The Expectations of a CFO

If you look back just a couple decades, you’ll see a far different role for the CFO in most companies than you’re used to, a far more limited one. Traditionally, this role was to ensure statutory compliance while seeing to the accuracy and completeness of the company’s books and other financial records. They also worked with other leadership roles within the company to plan for future endeavors through their role as the primary financial reporter and the one whose purview included earnings projections.

Today’s chief financial officer manages all of those tasks, but instead of participating in a support role that involves little engagement with other workers outside of leadership, the role has changed into one of the most influential positions in corporate leadership. The modern financial officer shapes the company’s vision, often bringing new and efficient technologies to light as they become cost-effective investments. As a result, leadership skills and operational tools like training in process management are both vital to the full success of a CFO in 2019.

Embedding Finance Throughout the Business

The key to successfully building influence over company operations is the embedding of financial measurements and feedback tools throughout the company. For example, manufacturing companies that provide clear feedback to project managers and machine operators about the volume of good work produced, scrap rate, and machine down time can help minimize costly issues in the manufacturing process, leading to stronger growth that benefits everyone from the shop floor up. These tools can also be used to reduce shipping costs by pricing to the best carrier for the weight and distance on that day. This support for sound financial decision-making helps everyone make better choices without needing a lot of feedback after the fact. That makes changing behavior patterns across the company easier, and also less bewildering for the employees in those departments.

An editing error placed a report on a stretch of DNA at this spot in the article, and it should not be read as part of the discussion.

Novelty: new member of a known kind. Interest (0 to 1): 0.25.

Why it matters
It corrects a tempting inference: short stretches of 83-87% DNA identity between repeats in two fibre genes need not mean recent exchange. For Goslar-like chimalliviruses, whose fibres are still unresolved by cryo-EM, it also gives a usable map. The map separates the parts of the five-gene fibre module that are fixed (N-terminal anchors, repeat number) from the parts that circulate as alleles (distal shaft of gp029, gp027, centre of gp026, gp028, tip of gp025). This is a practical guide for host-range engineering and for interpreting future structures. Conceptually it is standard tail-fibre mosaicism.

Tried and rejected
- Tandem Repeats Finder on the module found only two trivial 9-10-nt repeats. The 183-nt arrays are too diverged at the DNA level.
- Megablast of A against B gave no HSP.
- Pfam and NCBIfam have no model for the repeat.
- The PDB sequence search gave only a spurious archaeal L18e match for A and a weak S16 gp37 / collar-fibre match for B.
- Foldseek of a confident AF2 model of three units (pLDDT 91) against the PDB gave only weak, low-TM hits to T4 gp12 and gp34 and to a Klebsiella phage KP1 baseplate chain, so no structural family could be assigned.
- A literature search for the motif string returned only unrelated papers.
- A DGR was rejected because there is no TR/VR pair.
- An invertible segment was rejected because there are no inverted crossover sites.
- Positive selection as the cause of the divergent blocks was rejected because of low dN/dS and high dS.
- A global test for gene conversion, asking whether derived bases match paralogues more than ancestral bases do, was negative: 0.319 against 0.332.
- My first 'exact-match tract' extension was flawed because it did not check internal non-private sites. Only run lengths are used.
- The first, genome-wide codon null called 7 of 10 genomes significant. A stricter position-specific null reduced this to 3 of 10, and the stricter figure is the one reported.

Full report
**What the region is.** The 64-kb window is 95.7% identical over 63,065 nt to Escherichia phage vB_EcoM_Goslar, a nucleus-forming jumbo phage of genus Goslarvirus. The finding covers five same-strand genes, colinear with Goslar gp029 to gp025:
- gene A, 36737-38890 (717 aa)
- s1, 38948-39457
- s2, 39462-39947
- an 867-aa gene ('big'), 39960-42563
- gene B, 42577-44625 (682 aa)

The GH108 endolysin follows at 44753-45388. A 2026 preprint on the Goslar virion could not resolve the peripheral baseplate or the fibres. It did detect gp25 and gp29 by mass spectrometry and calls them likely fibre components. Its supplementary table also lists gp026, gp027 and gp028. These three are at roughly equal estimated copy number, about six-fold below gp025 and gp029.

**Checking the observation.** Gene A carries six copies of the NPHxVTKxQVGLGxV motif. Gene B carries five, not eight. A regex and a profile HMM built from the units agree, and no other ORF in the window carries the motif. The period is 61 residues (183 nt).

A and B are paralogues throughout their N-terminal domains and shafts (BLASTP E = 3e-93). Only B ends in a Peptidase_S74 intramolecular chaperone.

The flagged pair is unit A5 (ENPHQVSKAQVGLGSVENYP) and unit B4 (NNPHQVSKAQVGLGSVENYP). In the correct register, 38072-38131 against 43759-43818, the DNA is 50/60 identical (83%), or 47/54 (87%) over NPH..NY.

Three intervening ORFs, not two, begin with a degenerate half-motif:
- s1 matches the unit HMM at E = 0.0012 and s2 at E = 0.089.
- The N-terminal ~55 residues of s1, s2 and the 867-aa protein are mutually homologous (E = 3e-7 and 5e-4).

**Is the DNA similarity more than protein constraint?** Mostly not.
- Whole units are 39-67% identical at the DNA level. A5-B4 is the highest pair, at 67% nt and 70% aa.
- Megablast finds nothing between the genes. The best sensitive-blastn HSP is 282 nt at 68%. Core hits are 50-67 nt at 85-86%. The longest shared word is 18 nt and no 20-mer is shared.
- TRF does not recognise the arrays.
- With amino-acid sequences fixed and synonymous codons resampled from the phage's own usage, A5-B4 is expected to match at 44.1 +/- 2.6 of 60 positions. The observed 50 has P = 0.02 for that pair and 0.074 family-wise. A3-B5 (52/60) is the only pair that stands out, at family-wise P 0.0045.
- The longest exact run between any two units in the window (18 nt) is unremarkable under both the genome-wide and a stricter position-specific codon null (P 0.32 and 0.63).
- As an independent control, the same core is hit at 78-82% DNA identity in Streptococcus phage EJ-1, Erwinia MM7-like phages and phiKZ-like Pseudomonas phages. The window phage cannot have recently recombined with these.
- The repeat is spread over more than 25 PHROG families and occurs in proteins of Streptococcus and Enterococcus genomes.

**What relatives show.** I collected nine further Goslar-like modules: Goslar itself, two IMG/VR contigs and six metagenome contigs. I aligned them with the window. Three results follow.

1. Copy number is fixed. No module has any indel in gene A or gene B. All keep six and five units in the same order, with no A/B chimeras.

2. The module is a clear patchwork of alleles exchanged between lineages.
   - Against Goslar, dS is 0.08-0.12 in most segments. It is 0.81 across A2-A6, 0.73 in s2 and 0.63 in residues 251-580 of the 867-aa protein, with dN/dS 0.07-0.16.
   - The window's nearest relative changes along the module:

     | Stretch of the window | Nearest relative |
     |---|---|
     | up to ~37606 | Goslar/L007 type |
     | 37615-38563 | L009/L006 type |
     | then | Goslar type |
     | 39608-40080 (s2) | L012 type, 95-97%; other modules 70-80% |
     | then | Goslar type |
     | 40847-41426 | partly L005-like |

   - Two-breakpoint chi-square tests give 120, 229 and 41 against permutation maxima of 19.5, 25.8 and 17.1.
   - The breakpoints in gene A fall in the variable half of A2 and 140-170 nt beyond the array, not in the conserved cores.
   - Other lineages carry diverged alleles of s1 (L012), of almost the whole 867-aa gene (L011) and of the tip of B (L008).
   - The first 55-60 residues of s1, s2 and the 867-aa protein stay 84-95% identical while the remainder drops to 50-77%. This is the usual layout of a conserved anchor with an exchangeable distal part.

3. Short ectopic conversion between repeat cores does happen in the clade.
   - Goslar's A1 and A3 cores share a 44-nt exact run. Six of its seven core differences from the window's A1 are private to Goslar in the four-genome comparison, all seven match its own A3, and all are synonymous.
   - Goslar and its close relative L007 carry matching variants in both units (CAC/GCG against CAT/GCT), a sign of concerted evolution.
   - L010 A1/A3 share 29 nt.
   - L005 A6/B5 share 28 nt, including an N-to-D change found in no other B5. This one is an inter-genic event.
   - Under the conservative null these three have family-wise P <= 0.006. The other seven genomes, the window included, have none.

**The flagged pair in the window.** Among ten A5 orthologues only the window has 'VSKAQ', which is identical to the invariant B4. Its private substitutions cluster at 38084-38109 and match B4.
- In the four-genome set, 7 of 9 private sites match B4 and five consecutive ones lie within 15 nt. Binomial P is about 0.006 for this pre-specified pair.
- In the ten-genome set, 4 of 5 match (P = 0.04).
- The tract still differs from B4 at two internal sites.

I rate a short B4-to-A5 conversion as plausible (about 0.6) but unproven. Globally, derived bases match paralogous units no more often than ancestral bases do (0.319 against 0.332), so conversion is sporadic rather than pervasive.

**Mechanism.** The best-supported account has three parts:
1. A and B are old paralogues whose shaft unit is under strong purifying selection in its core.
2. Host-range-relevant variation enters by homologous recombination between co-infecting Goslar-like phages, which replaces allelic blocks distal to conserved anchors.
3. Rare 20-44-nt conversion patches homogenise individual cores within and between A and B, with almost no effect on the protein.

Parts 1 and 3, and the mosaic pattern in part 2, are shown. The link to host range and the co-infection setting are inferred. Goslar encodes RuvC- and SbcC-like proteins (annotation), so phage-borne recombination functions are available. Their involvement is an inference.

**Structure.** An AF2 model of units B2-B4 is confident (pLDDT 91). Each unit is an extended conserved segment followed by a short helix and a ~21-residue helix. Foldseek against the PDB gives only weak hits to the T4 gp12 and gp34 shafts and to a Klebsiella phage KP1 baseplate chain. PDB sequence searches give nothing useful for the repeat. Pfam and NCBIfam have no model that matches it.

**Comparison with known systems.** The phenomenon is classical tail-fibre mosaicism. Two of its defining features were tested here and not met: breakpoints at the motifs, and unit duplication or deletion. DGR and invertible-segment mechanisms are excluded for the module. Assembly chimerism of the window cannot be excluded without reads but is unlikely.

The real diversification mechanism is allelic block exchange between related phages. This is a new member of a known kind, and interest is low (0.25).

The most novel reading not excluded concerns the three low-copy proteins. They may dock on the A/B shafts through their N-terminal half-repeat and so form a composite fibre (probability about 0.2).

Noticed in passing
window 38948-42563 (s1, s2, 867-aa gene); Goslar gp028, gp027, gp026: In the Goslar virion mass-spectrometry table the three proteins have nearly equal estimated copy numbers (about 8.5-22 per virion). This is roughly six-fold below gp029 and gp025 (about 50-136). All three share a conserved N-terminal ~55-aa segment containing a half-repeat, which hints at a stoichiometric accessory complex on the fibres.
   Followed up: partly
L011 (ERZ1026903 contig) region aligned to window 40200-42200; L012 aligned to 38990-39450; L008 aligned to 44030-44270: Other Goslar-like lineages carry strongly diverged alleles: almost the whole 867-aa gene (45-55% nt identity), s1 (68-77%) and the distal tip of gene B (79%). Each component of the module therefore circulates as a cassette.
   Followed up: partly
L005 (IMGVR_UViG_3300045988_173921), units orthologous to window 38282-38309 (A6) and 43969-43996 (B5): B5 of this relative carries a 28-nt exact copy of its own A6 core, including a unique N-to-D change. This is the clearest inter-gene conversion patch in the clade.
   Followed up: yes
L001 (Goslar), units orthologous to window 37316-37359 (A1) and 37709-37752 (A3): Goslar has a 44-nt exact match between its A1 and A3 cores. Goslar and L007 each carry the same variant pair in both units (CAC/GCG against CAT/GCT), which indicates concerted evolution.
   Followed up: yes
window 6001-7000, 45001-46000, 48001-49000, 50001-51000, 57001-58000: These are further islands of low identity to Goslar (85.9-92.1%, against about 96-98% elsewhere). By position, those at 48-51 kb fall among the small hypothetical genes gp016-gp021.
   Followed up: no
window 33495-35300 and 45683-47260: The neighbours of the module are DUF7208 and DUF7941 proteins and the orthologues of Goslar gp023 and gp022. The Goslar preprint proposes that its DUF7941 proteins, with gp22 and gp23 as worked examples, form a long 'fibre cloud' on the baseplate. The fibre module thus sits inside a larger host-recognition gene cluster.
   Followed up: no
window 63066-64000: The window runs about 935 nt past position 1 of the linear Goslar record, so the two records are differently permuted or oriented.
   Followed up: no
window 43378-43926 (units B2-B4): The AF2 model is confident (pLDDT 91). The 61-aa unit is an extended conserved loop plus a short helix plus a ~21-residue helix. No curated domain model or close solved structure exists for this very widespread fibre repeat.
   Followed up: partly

Are Today’s Executives Prepared?

Workers rising to executive status today are used to the higher-pressure environment, since the use of technology to streamline business is hardly new. They may find the social and leadership skills required by this job to be a change of pace if they are promoted from a more data-oriented role, but with the right support any competent executive with strong financial skills should be able to learn the extra soft skills needed to function as a modern CFO. Making a great one, though? That requires inspiration, and dedication on the part of the candidate, and you just won’t find an easy recipe for that. It takes time and a pool of strong candidates.

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